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A Year Later, Marketplace Massacre Mourners Still Wonder Why

February 5, 1995

SARAJEVO, Bosnia-Herzegovina (AP) _ The mortar shell that exploded in Sarajevo’s marketplace and killed 68 people made the world take notice. The bloody scene was televised around the globe.

But a year later, many in the Bosnian capital worry that the bloodshed has become another forgotten chapter in a sad, continuing book. And Senad Karavdic wonders if his wife’s death had any meaning at all.

``We hoped it would be the last massacre,″ Karavdic, 35, said Sunday, his voice trembling as he placed a paper wreath on a grave at the mud-churned Lion’s Cemetery near downtown Sarajevo.

Karavdic’s 34-year-old wife, Hasnija, died in the blast, and he said he hoped international outrage would silence the guns forever. Now, with fighting in its 34th month and Sarajevo still under Serb siege, he cannot hide his desperation.

``The massacre was the chance for the world to finally do something, but nothing has changed and this will never end,″ he said.

Families of the 68 dead paid their respects at the graveyard Sunday, letting the pain of lost husbands, wives and children wash over them again. Some cried soundlessly. Others wailed and keened as friends and relatives propped them up. Thick snowflakes shrouded the graves.

Karavdic’s bitterness contrasts sharply with the rare glimmer of optimism that shimmered across the Bosnian capital last February even amid the pain left by the massacre.

The scenes recorded by television crews at the marketplace _ the bodies of the dead and more than 200 wounded lying in blood amid twisted metal and shredded fabric _ brought the world into increased involvement.

Even though it was never clear who fired it, the single 82mm mortar shell succeeded where reports of Serb prison camps, systematic rapes and mass killing had failed.

For a few months, ``robust peacekeeping″ by the United Nations appeared to work. Serbs took the threat of NATO air strikes seriously, pulling heavy guns out of Sarajevo’s immediate vicinity. Streetcars trundled along Sniper Alley again as an eerie air of quasi-normality suffused the shell-scarred streets of the city.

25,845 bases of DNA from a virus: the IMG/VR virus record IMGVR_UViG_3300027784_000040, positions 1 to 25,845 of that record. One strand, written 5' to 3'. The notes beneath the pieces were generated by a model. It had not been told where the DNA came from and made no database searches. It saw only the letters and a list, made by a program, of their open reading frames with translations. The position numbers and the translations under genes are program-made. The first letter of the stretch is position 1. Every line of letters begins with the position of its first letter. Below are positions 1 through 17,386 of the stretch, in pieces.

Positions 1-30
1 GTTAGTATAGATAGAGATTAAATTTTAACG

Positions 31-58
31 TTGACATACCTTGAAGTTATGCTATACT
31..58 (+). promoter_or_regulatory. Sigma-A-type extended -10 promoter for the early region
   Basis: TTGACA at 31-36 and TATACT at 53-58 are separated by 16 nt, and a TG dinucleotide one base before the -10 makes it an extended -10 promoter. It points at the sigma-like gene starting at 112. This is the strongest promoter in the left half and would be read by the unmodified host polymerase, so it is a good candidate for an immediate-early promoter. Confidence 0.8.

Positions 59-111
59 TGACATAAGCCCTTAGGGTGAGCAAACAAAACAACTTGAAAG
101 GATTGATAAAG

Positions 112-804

But dreams of peace eroded when warring parties failed to agree on a final peace deal, increasing Bosnian Serb defiance.

In April, NATO proved ineffective in stemming a Bosnian Serb assault on the eastern government-held enclave of Gorazde. The Serbs called the world’s bluff, shrugging off several small-scale NATO air strikes and the threat of others that never materialized.

Today the wounds and memories of the marketplace shelling still hurt, while a sense of international betrayal and helplessness colors the thoughts of most of Sarajevo’s remaining 280,000 residents.

Sunday’s edition of the daily Oslobodjenje reserved its last five pages for obituaries for the dead of last Feb. 5.

``Markale (marketplace) was perhaps the only time the heartless world seriously threatened the criminals,″ the paper said. ``If the criminals could have truly been made scared, Sarajevo would not be a besieged city any longer and Bosnia would be a free country now.″

Hasiba Raonic, 70, sold scarce goods Sunday at the same spot where she stood last year when the shell struck.

``We are still living in fear,″ Raonic said.

Wounded by shrapnel then, she has returned to ponder her unpalatable lot.

``I am afraid to be here,″ she said, ``but I have to sell goods to survive.″

More than 200,000 people are dead or missing in Bosnia’s war, which began in April 1992 when Bosnian Serbs rebelled against the republic’s vote to secede from Serb-dominated Yugoslavia.

And the unrest continues. United Nations officials reported an uneasy calm across most of Bosnia on Sunday, with the exception of the northwestern Bihac pocket, where fighting between government forces and an alliance of rebel Bosnian and Croatian Serbs and renegade Muslims continues to confound a four-month truce.

A settlement, the hope of international negotiators, seems distant as ever. But still mourners cling to dreams that overshadow past letdowns.

``America will do something,″ Karavdic said. ``In the end they will have to do something, to use force, because the Serbs will never stop.″

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